Hearst, Hammer Pardons Unlikely, Officials Say
With only days remaining in the Reagan Administration, the President and his aides indicated Wednesday it is unlikely he will pardon publishing heiress Patricia Hearst Shaw and industrialist Dr. Armand Hammer.
Reagan, during a photography session, said the Shaw request for a pardon “hasn’t come to my desk yet.” And an Administration official who requested anonymity, said reporters should “not expect anything too extraordinary here in the form of pardons.”
The official said that includes Hammer, Shaw and several other well-known people who are seeking pardons.
As the Administration winds down, speculation continues on whether Reagan will pardon several people, including Shaw, Hammer and former national security aide Oliver L. North. Reagan has said he does not intend to pardon North, who faces prosecution for his role in the Iran-Contra scandal, preferring to allow the justice system to run its course.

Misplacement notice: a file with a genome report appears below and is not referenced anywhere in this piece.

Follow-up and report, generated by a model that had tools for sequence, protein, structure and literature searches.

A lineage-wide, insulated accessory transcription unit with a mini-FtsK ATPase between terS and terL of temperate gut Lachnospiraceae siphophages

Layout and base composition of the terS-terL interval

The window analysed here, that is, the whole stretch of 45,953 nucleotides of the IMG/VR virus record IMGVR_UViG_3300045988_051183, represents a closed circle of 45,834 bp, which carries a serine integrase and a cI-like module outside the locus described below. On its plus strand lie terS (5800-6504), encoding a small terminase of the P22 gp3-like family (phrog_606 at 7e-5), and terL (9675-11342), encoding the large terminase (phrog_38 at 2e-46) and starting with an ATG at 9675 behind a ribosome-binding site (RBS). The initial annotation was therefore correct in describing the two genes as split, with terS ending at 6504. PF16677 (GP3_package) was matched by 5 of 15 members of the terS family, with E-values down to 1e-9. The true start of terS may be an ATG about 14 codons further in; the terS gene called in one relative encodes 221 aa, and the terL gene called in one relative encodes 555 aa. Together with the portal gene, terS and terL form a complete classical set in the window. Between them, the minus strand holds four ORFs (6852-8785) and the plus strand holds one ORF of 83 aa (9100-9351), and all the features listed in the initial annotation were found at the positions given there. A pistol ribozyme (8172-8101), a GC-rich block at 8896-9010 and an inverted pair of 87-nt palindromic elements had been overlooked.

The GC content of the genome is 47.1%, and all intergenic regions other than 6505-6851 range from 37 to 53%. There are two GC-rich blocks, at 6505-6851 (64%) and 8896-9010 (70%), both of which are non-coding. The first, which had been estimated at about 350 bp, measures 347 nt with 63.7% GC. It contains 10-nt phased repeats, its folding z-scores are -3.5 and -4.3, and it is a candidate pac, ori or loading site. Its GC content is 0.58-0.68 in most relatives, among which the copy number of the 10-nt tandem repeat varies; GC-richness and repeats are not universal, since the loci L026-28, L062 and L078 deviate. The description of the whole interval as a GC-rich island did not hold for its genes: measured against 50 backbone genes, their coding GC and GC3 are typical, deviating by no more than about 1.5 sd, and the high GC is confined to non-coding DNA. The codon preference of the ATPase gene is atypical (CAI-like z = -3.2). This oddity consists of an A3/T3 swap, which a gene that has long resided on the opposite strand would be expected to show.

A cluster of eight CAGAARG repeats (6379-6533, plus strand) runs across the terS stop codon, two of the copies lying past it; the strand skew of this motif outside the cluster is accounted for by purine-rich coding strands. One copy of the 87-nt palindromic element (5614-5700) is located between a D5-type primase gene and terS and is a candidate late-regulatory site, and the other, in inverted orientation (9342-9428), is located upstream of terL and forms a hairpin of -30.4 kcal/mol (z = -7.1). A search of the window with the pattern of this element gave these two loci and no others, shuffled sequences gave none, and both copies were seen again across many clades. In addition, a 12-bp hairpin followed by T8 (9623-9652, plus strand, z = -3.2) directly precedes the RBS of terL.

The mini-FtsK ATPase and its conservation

One Administration official assured reporters that “there won’t be any pardons put out in the middle of the night.”
Shaw, who was convicted of a 1974 San Francisco bank robbery, has claimed that she was brainwashed by the Symbionese Liberation Army, a group of revolutionaries who kidnaped her in Berkeley two months before the robbery. At the time she was known as Patty Hearst. She later married her former bodyguard, Bernard Shaw.
Former President Jimmy Carter commuted Hearst’s sentence in 1979, after she had served about 23 months of a seven-year sentence, and Reagan spoke sympathetically of her before becoming President.
Hammer was sentenced to one year’s probation and fined $3,000 in 1976 after plea-bargaining on charges of illegally making and concealing $54,000 in contributions to Richard M. Nixon’s 1972 reelection campaign.